Officials demand engineer release details
by Allen Powell II
New Orleans bureau
December 15, 2012
Harahan — Jefferson Parish politicians grilled a state engineer Wednesday on exactly what sort of bang residents can now expect for their toll bucks just minutes after a resident again requested that politicians challenge the Crescent City Connection toll vote.
Louisiana Department of Transportation and Development engineer Scott Boyle came to the Jefferson Parish Council meeting to make a presentation on upcoming state projects on the Crescent City Connection and West Bank Expressway that will be paid for with the recently renewed tolls. But parish politicians used that time to press Boyle for definite deadlines for projects that have been promised to West Bank residents for decades.
Councilman Chris Roberts interrupted Boyle’s explanation of planned lighting and signage improvements to demand information on when ramps accessing Manhattan and Barataria Boulevard would be completed, as well as an overhaul of the Harvey Tunnel. Roberts, who supported renewing the tolls, said those are the projects residents care about the most, and it’s imperative that the state deliver on those projects now that funding has been guaranteed. He said that one of those projects, the Peters Road ramp, has $30 million in place.
“People are going to expect that the ramps at Manhattan are constructed. They are going to expect that the ramps at Barataria are constructed. They are going to expect that the Harvey Tunnel, which is deplorable, gets overhauled,” said Roberts, who compared some of the other improvements discussed by Boyle to “lipstick on a pig.”
“What people are expecting is that they get a return for their investment,” he said.
Parish President John Young echoed those questions, noting that parish officials were told that one ramp project would begin in early 2013, although
Boyle said he wasn’t aware of that time line. However, a road project related to those ramp projects has already begun. Young, who opposed the toll renewal, said it’s troubling that the parish is receiving conflicting reports.
“That concerns me a great deal. Now we’re in December of 2012, and you can’t give me an exact date,” said Young, who requested a letter from DOTD Secretary Sherri Lebas on the project’s status. “We need to do a better job of moving these projects forward or this whole thing is going to fall apart.”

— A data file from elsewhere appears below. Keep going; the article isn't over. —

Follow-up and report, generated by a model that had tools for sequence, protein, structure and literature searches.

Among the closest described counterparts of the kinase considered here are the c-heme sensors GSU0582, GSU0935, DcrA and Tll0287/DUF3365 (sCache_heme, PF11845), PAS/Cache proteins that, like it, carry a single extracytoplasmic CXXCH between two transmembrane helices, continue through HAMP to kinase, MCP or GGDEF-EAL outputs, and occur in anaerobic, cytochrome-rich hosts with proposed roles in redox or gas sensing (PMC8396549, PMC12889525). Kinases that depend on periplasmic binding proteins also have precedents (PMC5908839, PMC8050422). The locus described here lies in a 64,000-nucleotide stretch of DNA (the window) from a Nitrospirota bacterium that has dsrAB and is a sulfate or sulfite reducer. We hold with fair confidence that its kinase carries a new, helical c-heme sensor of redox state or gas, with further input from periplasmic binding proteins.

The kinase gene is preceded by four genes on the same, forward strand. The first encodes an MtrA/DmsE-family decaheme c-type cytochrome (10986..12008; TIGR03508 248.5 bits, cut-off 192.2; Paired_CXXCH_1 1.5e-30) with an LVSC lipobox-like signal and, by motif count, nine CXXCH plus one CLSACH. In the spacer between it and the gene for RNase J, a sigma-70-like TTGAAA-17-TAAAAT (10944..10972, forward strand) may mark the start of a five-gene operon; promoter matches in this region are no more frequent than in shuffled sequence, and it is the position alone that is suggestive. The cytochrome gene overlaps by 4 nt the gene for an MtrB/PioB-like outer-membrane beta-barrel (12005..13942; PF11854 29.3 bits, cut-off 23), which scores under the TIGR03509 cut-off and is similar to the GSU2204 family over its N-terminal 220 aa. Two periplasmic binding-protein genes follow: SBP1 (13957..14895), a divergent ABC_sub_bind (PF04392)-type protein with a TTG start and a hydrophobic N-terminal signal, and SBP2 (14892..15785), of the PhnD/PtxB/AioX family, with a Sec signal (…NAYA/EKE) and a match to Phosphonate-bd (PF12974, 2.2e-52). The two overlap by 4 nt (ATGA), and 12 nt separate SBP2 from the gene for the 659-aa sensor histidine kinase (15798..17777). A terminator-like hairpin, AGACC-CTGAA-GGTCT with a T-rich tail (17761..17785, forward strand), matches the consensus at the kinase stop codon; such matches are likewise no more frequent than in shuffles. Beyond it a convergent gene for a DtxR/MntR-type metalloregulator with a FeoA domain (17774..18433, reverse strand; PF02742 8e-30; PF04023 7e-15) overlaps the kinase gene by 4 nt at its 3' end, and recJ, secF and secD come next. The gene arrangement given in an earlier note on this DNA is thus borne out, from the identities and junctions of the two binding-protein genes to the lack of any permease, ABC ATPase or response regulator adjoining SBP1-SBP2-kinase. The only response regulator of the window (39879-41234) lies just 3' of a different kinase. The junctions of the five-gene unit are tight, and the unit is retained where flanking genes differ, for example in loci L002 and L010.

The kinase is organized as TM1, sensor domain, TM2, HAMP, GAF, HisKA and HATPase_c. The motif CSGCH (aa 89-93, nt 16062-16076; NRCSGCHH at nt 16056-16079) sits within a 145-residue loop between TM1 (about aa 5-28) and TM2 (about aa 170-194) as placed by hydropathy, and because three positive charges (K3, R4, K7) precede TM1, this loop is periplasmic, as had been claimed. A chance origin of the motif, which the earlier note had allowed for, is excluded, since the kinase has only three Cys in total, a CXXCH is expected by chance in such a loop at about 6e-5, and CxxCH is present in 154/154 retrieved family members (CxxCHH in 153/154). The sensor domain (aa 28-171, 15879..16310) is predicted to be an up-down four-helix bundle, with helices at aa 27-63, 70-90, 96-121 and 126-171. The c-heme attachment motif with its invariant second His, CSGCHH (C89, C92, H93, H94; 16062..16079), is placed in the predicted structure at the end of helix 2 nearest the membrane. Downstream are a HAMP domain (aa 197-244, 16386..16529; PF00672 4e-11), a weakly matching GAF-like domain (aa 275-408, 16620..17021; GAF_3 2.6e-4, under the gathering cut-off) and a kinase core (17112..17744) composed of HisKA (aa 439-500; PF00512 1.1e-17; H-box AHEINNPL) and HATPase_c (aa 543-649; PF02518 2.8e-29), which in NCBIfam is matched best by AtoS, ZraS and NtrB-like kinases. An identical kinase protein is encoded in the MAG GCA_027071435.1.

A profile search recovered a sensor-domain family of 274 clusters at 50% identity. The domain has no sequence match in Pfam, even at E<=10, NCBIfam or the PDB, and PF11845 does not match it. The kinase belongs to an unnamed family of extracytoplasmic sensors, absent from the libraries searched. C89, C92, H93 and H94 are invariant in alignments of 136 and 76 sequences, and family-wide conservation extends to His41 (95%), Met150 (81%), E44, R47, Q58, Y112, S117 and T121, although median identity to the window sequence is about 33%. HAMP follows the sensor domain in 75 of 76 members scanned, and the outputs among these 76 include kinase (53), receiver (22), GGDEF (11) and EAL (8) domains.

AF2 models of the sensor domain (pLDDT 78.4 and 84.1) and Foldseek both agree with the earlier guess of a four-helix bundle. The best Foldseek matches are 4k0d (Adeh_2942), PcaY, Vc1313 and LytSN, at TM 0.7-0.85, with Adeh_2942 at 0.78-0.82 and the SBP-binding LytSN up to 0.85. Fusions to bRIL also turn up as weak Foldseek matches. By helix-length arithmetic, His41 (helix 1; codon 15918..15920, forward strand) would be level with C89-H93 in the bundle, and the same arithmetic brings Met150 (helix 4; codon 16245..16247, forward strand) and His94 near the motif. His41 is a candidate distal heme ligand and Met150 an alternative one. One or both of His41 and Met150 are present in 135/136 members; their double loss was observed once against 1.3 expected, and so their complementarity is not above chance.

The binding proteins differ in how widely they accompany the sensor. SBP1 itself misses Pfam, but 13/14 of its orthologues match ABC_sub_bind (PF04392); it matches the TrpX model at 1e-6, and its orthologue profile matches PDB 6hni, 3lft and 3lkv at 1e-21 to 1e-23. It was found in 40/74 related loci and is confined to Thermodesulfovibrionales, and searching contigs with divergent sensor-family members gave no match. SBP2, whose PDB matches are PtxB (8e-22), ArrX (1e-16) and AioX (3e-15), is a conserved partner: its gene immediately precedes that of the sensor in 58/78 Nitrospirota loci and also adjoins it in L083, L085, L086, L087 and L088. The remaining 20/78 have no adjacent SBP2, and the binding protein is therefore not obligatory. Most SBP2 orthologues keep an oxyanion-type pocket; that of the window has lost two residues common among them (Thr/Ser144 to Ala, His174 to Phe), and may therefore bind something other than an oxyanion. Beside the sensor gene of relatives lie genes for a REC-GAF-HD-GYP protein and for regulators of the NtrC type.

Boyle was touting the state’s plans to overhaul the toll plaza, make repairs to one of the bridges, add decorative lighting and replace roughly 1,300 signs. He said the state is planning to spend about $10 million annually on capital projects using new toll revenues.
Existing toll revenues have been dedicated to aid in the privatization of local ferries. Boyle added that the state is considering overhauling its toll collection system and repainting one of the bridges, which would be major projects.
“I do feel confident with the team in place… that we can reach the goals and push forward to bring some of these things to fruition,” Boyle told the council.
Roberts said the state definitely needs to look at a better system for issuing toll tags, such as allowing local governments to sell them. The council also debated the parish’s plans to take over grass cutting on the expressway through a cooperative endeavor agreement with the state.
Young said the parish is ready to take over the work, but the state is balking at a plan to cut the grass 26 times a year instead of 11 times. The state would reimburse the parish for all costs associated with the grass cutting.
“We will take it over, we’re prepared to take it over as long as we’re fully reimbursed,” Young said. “We want to be able to maintain the same quality of cuts that we do throughout the parish … If we’re going to take it over, we’re going to do it the way we do it throughout the parish.”
Roberts said the issue should be “cut and dried,” particularly since the parish is able to get the job done for much less than the state currently pays. However, Councilman Paul Johnston expressed some concern at the parish plan, wondering if the new contractor can maintain the level of service.
The debate came after one resident renewed his request for parish politicians to refuse to accept the toll renewal as valid. Wade Perrin, the president of the Voter’s League of Unincorporated West Jefferson, said politicians should challenge the results and request a recount.
He cited the small margin of victory for the renewal and the mistrust among many residents of the vote. Another local group has already promised a legal challenge, but Perrin called on the parish to take the lead.
“Many people believe the election was fixed,” Perrin said. “Confidence in government is at stake.”